An important subtext through the narrative to be developed in this book has been the ways in which the formulations and refinement of theoretical approaches to IB have been impelled by the need to encompass, and respond to changes in, the practicalities of its operating context. A very important contemporary phenomenon which both challenges aspects of established theorising and which needs to be explained is the growth of MNEs from emerging economies. The conundrum is then that these MNEs are appearing whilst their home countries can still be described as ‘emerging’. This means that in terms of expectations derived from traditional theorising these MNEs are internationalising well before the maturing of their home economy would be expected to have generated the conditions to allow them to do so. Using the case of China, Chapter 8 seeks to elucidate both the nature of these new MNEs as a challenge to traditional theory and to indicate how the enigma can be addressed by logical extensions of the mature theorising.
Central to this is to see the emergence of these new MNEs as being integral to the ongoing dynamics of their home-country’s development, rather than being seen simply as an organic manifestation of a certain level of achievement in this process, as was implicit in theorising on the traditional MNEs. Thus the core of the analytical challenge of these MNEs is that they are seen to be targeting internationalisation well before the level of development of their home economy should have allowed them to generate OAs of sufficient strength and distinctiveness to enter in a truly competitive way into international operations. The offered resolution of this seeming paradox comes in two stages. Firstly, the firms are able to expand in this way because of home-country government supports (access to capital, foreign exchange, diplomatic support) that help mitigate against the competitive limitations of their in-house capacities (OAs). Then, secondly, it is necessary to explain why they are able to avail themselves of this support. This, we will argue, is because they are seen as the best means of accessing, through carefully tailored and supported acts of FDI, resources needed to help overcome emerging bottlenecks in their national development. In the China case Chapter 8 elaborates two of these strategic motivations built into the MNEs’ government-assisted projects. Firstly, resource seeking, to alleviate threatened shortages in access to resources vital to the sustainability of current modes of development. Secondly, knowledge seeking, to attempt to obtain new sources of innovation-supporting competences that can help build new dimensions of national development beyond those currently prevailing.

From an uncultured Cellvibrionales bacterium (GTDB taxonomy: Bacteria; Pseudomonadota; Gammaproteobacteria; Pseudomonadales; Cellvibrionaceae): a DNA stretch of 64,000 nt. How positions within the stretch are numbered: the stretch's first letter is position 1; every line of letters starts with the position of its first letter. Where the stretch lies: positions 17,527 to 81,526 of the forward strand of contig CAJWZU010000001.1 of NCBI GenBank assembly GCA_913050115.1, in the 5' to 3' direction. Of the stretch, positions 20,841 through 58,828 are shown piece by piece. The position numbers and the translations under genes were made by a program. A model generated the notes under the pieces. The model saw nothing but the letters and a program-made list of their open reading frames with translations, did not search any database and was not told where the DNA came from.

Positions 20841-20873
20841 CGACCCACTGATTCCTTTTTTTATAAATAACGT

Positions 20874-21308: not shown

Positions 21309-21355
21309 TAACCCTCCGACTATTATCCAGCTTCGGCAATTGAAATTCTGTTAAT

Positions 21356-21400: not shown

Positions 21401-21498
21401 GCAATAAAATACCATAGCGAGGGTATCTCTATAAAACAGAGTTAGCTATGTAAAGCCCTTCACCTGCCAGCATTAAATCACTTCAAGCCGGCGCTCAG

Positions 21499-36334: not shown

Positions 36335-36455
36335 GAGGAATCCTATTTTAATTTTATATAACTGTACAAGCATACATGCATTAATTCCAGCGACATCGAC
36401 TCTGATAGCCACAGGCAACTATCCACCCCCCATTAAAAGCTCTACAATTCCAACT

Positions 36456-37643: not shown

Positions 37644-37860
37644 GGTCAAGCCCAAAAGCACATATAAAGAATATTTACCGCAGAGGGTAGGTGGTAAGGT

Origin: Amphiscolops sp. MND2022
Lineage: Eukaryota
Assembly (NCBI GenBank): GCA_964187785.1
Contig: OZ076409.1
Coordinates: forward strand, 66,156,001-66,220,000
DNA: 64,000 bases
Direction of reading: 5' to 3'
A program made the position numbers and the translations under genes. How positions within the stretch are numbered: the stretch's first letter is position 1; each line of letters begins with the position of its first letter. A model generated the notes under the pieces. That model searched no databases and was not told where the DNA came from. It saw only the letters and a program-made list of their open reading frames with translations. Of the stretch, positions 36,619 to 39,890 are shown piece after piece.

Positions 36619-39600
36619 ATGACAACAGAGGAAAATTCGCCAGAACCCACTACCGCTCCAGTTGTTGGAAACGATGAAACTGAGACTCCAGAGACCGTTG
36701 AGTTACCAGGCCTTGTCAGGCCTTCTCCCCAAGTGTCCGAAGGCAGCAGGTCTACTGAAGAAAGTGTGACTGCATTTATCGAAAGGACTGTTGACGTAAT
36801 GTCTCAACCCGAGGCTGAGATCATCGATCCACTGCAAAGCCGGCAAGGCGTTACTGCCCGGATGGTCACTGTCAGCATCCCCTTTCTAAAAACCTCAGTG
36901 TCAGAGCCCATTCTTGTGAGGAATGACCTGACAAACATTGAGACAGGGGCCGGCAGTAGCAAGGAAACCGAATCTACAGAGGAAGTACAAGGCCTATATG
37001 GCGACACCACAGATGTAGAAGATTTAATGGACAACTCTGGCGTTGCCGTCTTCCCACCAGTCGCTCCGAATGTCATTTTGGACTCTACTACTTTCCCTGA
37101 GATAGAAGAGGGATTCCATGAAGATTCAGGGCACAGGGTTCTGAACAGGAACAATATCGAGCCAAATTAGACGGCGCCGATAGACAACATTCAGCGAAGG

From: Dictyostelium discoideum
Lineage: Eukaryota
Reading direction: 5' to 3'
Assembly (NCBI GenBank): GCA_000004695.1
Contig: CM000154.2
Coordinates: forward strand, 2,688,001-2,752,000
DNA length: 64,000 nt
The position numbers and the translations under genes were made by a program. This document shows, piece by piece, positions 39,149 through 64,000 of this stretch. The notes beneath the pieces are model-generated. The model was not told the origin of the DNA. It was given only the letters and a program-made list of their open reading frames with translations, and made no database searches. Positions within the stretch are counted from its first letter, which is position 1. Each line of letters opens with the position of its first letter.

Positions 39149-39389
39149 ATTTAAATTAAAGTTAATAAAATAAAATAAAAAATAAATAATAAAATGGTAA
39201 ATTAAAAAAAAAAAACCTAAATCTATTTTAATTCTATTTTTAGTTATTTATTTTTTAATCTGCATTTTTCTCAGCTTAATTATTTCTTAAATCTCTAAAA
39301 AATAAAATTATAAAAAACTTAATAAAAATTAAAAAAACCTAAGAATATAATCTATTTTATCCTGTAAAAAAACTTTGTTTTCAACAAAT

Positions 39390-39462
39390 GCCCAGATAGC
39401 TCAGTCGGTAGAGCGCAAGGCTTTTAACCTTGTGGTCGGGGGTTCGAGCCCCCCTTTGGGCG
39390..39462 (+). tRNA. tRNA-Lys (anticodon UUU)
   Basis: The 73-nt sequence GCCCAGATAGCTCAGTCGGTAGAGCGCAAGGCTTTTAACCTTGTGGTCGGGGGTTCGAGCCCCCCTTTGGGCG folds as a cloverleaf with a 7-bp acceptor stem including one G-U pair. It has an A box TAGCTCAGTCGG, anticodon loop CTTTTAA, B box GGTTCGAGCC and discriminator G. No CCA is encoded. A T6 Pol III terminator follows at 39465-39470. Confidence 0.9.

The ever-increasing visibility of MNEs as a key agent in the evolving global economy, and the concomitant deepening of their role in mediating the ways individual national economies are positioned in that wider economy has always provided concern, both inside and outside the confines of IB theorising, over the implications of their behaviour and performance. We conclude our narrative in Chapter 9 by suggesting four distinctive generic issues that can usefully be distinguished within that wider concern. Two of these can be seen as being purely economic and with their roots in many aspects of our earlier discussion. Firstly, efficiency from a static optimising perspective. Do the operations of MNEs (how they apply their current OAs) improve or compromise the allocative and productive efficiency of use of the world’s fixed supply of productive capacities at a point in time? Secondly, the scopes for growth and development, based around expansion, and improved efficiency in the use, of these resource potentials through time. Does MNEs’ pursuit of their own dynamic needs and possibilities on an increasingly internationalised basis (KS) enhance or constrain these potentials?